survival rate after 7th clutch?

Jerm

Avid Member
Hello everyone,
My female ambanja panther has just layed her 7th clutch of eggs, 43 of them. I have read somewhere that a lot of times they die after their 7th clutch. Has anyone else heard this? I have kept up with her supplimentation, and she seems to be in very good health. She is a year and a half old now and most of her clutches were pretty large ones, around 42. I would like to retire her but I'm not sure how to do it. Does anyone have experience with doing this? Even if I stop breeding her she will continue to lay eggs, so how exactly do you retire a female panther? I am going to try cooling her down. I bought her as a baby so I am attatched to her and don't want to see her die, but I know that her time is limited. Suggestions and comments would be appreciated. Thanks.
 
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Jerm, just simply keep her. Dont think about mating her. Enjoy her and handle her safely once and a while. Cutback on feeding and the calcium a bit. After 6 months or whenever you are satisfied that she will not lay another clutch from retained sperm (One of mine is on her 3rd clutch from only one mating) you can officially retire her and place her in the hands of someone you know that just wants a "pet" and no intentions of breeding.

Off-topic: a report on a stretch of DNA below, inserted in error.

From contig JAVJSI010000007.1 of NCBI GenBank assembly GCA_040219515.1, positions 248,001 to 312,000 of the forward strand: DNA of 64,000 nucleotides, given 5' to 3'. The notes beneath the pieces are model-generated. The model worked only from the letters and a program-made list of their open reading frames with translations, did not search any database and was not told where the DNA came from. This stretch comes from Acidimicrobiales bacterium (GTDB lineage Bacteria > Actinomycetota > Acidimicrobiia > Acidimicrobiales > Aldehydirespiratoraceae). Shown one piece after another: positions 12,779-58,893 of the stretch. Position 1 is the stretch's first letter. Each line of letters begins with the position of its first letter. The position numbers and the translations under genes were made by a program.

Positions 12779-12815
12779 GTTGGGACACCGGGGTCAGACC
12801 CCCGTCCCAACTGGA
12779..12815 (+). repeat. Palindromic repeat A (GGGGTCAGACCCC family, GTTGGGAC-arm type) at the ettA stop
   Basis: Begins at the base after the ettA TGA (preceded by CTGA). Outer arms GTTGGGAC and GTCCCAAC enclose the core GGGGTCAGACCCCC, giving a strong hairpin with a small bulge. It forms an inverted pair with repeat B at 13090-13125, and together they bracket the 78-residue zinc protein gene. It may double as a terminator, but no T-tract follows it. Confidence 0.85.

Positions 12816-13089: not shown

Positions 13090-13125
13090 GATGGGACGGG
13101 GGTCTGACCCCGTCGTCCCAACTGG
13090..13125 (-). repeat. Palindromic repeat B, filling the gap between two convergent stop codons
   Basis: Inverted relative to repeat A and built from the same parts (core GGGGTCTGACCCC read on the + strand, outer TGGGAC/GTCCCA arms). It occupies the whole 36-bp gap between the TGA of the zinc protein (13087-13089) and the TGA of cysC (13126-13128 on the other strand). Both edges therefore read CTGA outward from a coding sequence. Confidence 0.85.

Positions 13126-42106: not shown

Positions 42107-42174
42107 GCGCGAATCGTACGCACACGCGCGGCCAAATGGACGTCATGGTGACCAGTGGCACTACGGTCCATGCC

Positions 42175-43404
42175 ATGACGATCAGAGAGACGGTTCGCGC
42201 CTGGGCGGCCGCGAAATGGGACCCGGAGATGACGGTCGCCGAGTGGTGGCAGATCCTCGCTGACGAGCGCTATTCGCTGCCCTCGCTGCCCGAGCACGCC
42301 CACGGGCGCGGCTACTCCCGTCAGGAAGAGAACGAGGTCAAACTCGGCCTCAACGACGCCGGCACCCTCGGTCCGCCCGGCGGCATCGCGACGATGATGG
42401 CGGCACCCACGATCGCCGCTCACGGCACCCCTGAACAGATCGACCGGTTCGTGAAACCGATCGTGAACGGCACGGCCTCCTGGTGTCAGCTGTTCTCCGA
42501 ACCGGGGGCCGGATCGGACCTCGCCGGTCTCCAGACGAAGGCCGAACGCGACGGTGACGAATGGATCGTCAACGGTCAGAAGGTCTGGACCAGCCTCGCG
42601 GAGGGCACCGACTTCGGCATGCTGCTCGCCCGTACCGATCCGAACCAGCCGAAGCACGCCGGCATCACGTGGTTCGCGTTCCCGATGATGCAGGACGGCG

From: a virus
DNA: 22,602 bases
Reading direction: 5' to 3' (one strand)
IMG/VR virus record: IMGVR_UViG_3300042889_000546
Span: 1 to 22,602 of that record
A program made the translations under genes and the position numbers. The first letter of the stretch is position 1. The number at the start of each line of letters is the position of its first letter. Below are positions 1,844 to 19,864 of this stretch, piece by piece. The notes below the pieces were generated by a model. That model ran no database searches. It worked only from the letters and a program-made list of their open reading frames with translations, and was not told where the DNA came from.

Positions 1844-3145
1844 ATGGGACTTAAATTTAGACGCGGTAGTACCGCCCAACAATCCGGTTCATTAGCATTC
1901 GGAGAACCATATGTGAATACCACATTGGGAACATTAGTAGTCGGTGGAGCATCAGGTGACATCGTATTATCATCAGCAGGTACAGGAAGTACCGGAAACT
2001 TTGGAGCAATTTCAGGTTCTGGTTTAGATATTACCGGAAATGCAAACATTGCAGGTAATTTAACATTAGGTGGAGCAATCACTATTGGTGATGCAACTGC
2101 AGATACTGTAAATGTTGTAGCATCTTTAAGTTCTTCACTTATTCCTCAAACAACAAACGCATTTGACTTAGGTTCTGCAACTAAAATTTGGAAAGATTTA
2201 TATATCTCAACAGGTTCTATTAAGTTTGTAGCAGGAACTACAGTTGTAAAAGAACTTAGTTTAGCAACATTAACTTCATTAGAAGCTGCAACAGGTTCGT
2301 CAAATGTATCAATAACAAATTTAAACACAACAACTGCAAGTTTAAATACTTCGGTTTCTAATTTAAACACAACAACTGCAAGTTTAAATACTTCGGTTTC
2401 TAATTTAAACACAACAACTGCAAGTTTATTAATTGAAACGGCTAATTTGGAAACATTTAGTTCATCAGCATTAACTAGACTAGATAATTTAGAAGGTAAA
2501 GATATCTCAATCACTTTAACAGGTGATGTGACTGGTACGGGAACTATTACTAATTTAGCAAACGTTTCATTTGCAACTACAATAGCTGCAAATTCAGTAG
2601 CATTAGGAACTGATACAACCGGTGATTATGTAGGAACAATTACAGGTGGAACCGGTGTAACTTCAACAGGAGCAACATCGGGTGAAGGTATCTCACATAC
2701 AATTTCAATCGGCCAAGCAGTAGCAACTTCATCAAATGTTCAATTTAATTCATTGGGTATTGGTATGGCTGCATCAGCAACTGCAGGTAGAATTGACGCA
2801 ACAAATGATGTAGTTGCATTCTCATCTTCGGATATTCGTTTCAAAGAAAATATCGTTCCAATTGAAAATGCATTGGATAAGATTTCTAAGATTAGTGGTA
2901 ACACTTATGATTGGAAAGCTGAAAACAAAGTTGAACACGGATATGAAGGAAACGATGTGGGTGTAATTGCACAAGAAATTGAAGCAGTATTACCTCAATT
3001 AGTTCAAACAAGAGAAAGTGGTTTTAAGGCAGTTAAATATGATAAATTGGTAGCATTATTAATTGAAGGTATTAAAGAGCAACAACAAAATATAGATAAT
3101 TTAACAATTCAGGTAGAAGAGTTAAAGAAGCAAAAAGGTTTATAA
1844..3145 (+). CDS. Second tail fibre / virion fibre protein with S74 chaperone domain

I have not heard of the "7th Clutch Exipry Rule" however I do know some wholesalers stop breeding their chameleons after they reach 2 years of age whether they be male or female.
 

Jerm

Avid Member
Thanks Will. I will do that. It's amazing how many eggs that one female can produce. 2 years sounds like a good age for retirement for these guys.
 
Yes you regulate the food intake during the time between mating and laying.

If you give less food/vit/calcium during the first week and a half of she will produce fewer eggs. Then if you increase all in the following weeks then she will have enough intake to properly develope the eggs. If you feed a decent amount eggs should turn out a decent size, if you are powerfeeding her as much as she will eat, with plenty of calcium and vitamins, the eggs might be larger than normal.

None of this is really document, but I was tipped of about this but someone with much experience and so far it has worked on several clutches.
 

PREACHAP

New Member
THANK YOU GUYS for all this useful info. When I start mine I will be sure to update and inquire about any questions.
 

kinyonga

Chameleon Enthusiast
I don't agree with giving the chameleon less calcium....but controlling the food seems to help control the size of the clutches.

BTW...this thread is really old.
 
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